Restore Flow Through a CTO.
For patients with complete arterial blockages, the CROSSER® CTO Recanalization Catheter is a catheter system designed to treat patients’ Chronic Total Occlusions (CTOs) by forming a new channel within a blocked artery for blood to pass through to allow subsequent endovascular treatment options, such as angioplasty and stenting. The CROSSER® Catheter offers a specialized tip that uses mechanical vibration and cavitation applied directly to the location where plaque has occluded the vessel. The treatment is delivered throughout the entire length of the blockage until it crosses through the distal CTO cap, restoring central lumen access and blood flow.
PATRIOT Clinical Study
The CROSSER® CTO Catheter trial had an 83.5% success rate in crossing CTOs that could not be crossed by a guidewire. There were no clinical perforations of the artery and average time to cross the lesion was 2 minutes and 6 seconds (n=85).
How it Works
The CROSSER® CTO Catheter mechanically vibrates against the CTO and uses micro-bubbles that expand and implode breaking the molecular bonds and eroding the solid surface of the CTO.
Indication for Use: The CROSSER® Recanalization System is indicated to facilitate the intra-luminal placement of conventional guidewires beyond peripheral artery chronic total occlusions via atherectomy. The CROSSER® Catheter is only intended for use with the CROSSER® Generator. Refer to the CROSSER® Generator Manual of Operations for proper use.
Contraindications: The device is contraindicated for use in carotid arteries.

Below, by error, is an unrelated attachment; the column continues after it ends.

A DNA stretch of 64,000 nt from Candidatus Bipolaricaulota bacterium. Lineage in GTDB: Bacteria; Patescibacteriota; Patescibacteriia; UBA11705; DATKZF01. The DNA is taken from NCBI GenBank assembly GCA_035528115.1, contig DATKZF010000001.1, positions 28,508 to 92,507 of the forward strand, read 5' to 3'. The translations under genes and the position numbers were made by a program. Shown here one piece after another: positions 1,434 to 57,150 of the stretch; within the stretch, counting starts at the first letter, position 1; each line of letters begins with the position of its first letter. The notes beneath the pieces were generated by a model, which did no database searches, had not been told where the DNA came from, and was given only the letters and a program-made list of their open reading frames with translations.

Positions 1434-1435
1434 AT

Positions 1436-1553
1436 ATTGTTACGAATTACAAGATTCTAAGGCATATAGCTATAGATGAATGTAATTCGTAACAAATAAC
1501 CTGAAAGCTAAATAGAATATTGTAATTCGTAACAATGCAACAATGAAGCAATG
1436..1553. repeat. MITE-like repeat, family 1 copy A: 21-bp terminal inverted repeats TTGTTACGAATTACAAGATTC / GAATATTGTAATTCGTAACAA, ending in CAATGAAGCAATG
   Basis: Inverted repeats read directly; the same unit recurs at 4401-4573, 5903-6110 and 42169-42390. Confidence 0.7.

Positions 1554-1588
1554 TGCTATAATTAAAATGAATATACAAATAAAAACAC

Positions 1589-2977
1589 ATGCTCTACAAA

Adverse Effects: As with most percutaneous interventions, potential adverse effects include: Bleeding which may require transfusion or surgical intervention, Hematoma, Perforation, Dissection, Guidewire entrapment and/or fracture, Hypertension / Hypotension, Infection or fever, Allergic reaction, Pseudoaneurysm or fistula Aneurysm, Acute reclosure, Thrombosis, Ischemic events, Distal embolization, Excessive contrast load resulting in renal insufficiency or failure, Excessive exposure to radiation, Stroke/CVA, Restenosis, Repeat catheterization / angioplasty, Peripheral artery bypass, Amputation, Death or other bleeding complications at access site.
A 47-year-old male was admitted to the hospital with left leg critical limb ischemia (CLI), osteomyelitis and a non-healing ulcer of the left foot.
An angiogram revealed the posterior tibial was 100% occluded proximally, the peroneal artery was diffusely diseased while the anterior tibial (AT) had a short 4cm chronic total occlusion (CTO). It appeared the only way to save the leg and foot was to open the CTO of the AT allowing more blood to flow distally to the foot. A CROSSER® CTO Catheter traversed the CTO of the AT and a VASCUTRAK® PTA Catheter was advanced and inflated at the site of the occlusion.
Post interventional intravascular ultrasound (IVUS) and angiographic results showed no significant residual stenosis or dissection. The use of the CROSSER® Catheter and VASCUTRAK® Catheter in this location provided an alternate approach to stenting a CTO.
The opinions and clinical experiences presented herein are for informational purposes only. The results from this case study may not be predictive for all patients. Individual results may vary depending on a variety of patient specific attributes. The physician has been compensated by Bard Peripheral Vascular for the time and effort in preparing the above case study for Bard’s further use and distribution. N.E. Strickman is currently a consultant for Bard Peripheral Vascular, Inc.
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These three words have the power to change lives. Between 8 to 10 million Americans are estimated to suffer from poor blood flow to the arms, legs and feet potentially leading to vascular disease, amputation or worse. Are you, or someone you know, suffering from Peripheral Arterial Disease (PAD)? Do you have pain in your legs when you walk at night, or even when resting? Do not ignore it. These warning signs are real and it’s time to get real help. Welcome to the LOVE YOUR LIMBS™ Campaign, by Bard Peripheral Vascular.